The weighted monthly AMP for July 2011 was a whopping $0.015730. Yup, that’s less than 2 cents per pill. The Federal Upper Limit (FUL) is $0.02753, which is AMP X 175%.

The low AMP for simvastatin is not an aberration. The table below shows the distribution of AMPs for the whole sample of 719 product groups. More than half are less than 15 cents per unit. These prices should also give you some new perspective on why discount generic programs, such as Walmart’s $4 program, are not necessarily a “bait-and-switch loss leader," as some have claimed.

Contrary to expectations, the new FUL may be lower than the Maximum Allowable Cost (MAC) rate in state Medicaid programs. Here are three example MACs:
The projections in New Study Finds Small AMP Impact, But Trouble in Six States now look too optimistic. And perhaps the trade association triumphalism about the "AMP victory” was a bit premature?


I have written extensively about the implications of payer transparency to the hidden economics of generic drugs, most recently in The Pharmacy Industry's Future in an AAC World and more extensively in my 2010-11 pharmacy economic report.

So, ponder a few things that could happen with these data:
  • A savvy plan sponsor or benefit consulting firm can use these data to estimate the size of PBM spreads on generic drugs from mail-order pharmacies, which are more than half of a PBM’s profits per prescription.
  • Pharmacy buyers can take a fresh look at their wholesaler’s generic pricing. As a rough example, the AAC of simvastatin 5 mg in Alabama was $0.03177 (as of July 13), implying average wholesaler gross margins of 50.5%!
Ch-ch-ch-ch-Changes. Turn and face the strain.


  1. Good morning Adam.

    As an economist and math whiz, can you share with us how many Rx's a pharmacist must fill at an to break even? 

    Assume the following parameters:

    1. GFR of 75%.
    2. 50% of generics at 4 bucks.
    3. State regulation in place of 20Rx's/RP/hr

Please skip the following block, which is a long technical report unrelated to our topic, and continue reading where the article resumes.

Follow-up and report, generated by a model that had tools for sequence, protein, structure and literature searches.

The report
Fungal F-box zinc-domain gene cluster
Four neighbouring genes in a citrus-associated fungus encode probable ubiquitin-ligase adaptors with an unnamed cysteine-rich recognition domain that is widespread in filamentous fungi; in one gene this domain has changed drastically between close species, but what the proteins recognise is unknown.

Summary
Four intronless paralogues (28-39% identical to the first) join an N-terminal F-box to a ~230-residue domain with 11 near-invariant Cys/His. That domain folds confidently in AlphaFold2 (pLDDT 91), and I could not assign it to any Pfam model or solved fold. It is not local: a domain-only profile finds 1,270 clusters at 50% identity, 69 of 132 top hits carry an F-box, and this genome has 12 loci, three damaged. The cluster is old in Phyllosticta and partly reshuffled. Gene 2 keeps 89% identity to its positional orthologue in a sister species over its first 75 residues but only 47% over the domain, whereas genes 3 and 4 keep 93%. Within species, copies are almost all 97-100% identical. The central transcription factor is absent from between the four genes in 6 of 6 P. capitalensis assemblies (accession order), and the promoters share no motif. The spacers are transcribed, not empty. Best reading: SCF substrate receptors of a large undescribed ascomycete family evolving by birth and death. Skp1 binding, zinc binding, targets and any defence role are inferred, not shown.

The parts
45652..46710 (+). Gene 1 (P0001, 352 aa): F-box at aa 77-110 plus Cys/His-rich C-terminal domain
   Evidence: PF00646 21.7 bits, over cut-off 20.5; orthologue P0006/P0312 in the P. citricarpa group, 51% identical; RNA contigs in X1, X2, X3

4. Salary of 100,000 to pay RP (which is actually 20 pct below mkt).
    5. Tech/cashier X 2 @ $10/hr x 40 hrs each
    6. Benefits/ins
    7. Standard overhead costs tied to the Rx dept.

    Above example can be tied to chain or independent as we're solely looking to isolate the Rx dept. Please use your stats for average dollar margin per Rx on both transparent branded and AMP generic side....don't forget to factor in those 4 buck generics.

    Looks like those pharmacists must be living pretty big. 
    Thanks for the accurate education!

  2. You sound bitter. Don't shoot the messenger. I'm just providing the info. I didn't create FULs and don't compute AMPs.

    Perhaps you should look into building a niche in long-term care or with specialty drugs. See my comments in
    .Post-Armada Reflections on the Specialty Market

  3. The 'MACing of America' has begun. It just seems that there is potential for all generic drug groups to have a published AMP sooner than later. For pharmacies cost containment and efficiencies are more important now than ever before. Years back many felt the looming real estate bust but refused to believe it until it was too late and this seems to be happening to the pharmaceutical industry today. Mail order/PBMs may suffer but they will be around regardless. It is the community pharmacy that has to try to get $11 per prescription to exist. Someone said it best: "Change, get big or get out".

    Shawn Patel  TRxADE